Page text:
Fargo School Board, state education group oppose bill requiring students to view fetal ultrasound video

Spokeswoman for district said the board typically opposes any curriculum mandate.

Fargo North High School Brass Ensemble opens up the Fargo School Board of Education meeting on Tuesday, March 22, 2022.jpg
Fargo North High School Brass Ensemble opens up the Fargo School Board of Education meeting on Tuesday, March 22, 2022.
C.S. Hagen / The Forum
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FARGO — The Fargo School Board and a state education organization are going on record as opposing a bill recently introduced in the North Dakota Legislature that would require school districts to include high-resolution videos of fetal development in their growth and development and human sexuality curricula.

House Bill 1265 would add a new section to the North Dakota Century Code that would require a school district's life science and/or sexual education programs to have human growth and development discussion that would include a high-definition ultrasound video at least five minutes long showing the development of the brain, heart, sex organs and other vital organs in early fetal development.

According to the bill, such discussion would also have to include a high-quality, computer generated rendering or animation showing the process of fertilization and every stage of human development inside the uterus, noting organ development for every week of pregnancy until birth.

The bill is sponsored by Reps. Karen Anderson, Scott Dyk, Matt Heilman, Brandon Prichard, Karen Rohr and Vicky Steiner, along with Sen. Janne Myrdal, all Republicans.

A spokeswoman for Fargo Public Schools declined to speak at length about the school district's opposition to the bill but said the district typically opposes any curriculum mandate.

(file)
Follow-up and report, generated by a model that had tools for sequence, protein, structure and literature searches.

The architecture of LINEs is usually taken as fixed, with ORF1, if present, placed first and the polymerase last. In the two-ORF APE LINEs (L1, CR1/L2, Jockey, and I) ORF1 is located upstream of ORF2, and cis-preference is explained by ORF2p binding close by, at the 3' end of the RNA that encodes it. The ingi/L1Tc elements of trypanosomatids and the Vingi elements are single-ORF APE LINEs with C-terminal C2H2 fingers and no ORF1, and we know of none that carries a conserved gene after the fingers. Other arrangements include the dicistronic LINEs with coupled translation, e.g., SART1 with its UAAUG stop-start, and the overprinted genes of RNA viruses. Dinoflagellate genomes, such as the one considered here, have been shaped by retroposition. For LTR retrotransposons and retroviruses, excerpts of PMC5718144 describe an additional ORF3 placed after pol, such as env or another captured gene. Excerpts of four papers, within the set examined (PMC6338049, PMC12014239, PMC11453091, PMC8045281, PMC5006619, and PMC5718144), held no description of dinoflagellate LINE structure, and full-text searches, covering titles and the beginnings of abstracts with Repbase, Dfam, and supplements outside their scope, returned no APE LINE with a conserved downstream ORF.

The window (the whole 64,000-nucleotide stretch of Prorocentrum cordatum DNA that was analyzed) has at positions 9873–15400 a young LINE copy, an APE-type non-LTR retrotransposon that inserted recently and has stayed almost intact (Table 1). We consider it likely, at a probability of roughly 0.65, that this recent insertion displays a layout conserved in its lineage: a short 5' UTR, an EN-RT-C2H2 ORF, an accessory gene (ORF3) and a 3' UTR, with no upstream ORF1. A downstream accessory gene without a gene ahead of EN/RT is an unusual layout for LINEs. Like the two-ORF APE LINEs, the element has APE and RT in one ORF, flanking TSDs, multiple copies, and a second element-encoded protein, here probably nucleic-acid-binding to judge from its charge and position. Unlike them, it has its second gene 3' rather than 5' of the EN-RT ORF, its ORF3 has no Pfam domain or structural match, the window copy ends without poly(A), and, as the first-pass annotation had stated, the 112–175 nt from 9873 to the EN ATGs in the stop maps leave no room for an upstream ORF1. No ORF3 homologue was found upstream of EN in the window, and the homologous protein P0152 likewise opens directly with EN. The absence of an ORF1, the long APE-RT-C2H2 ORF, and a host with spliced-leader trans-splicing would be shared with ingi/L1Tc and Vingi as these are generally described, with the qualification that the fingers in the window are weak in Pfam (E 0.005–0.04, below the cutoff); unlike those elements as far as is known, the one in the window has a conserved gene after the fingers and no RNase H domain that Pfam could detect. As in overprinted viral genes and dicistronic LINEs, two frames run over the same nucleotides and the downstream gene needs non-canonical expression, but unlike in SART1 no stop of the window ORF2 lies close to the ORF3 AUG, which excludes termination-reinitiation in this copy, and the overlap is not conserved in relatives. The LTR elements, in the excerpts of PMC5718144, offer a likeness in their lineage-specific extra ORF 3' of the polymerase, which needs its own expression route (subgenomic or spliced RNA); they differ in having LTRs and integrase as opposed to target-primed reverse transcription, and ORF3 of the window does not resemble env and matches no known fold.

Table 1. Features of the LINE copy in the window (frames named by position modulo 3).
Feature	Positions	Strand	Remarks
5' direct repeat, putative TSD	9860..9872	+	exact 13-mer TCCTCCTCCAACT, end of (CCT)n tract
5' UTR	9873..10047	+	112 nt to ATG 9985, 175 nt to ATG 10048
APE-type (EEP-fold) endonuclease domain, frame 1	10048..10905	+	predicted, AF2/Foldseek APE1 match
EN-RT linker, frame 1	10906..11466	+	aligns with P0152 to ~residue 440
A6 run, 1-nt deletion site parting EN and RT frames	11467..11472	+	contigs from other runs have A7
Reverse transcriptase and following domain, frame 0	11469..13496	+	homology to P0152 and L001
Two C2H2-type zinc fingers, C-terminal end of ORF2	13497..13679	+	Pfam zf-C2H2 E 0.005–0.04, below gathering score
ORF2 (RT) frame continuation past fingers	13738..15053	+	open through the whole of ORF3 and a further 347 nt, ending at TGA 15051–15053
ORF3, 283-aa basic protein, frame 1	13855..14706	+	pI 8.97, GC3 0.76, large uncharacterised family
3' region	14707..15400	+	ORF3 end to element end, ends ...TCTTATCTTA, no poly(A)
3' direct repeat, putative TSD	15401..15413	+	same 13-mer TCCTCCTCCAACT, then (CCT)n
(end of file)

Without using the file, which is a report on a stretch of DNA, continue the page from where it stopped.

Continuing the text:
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West Fargo Public Schools are not on record as taking a stand on any new legislation, a district spokeswoman said.

At a Jan. 17 House Human Services Committee hearing on the bill, Kevin Hoherz, representing the North Dakota Council of Educational Leaders, presented testimony in opposition to the bill.

Hoherz maintained that new curriculum and standards should follow the standard review process used by the North Dakota Department of Public Instruction.

A number of organizations presented testimony in favor of the bill, including North Dakota Right to Life, Concerned Women of America Legislative Action Committee and North Dakota Family Alliance Legislative Action.

In a written document presented as part of the hearing, Anderson said the purpose of the bill was "to describe human growth and development discussion to include an 'oral, written, or digital lesson, lecture, or presentation about human biology related to pregnancy and human development inside the womb' to the benchmarks in our North Dakota Life Science and Health State Standards.''

As part of her testimony, Anderson also proposed an amendment to the bill, which would require the superintendent of public instruction to make sure the requirements of the new section of law are included in the North Dakota science content standards.

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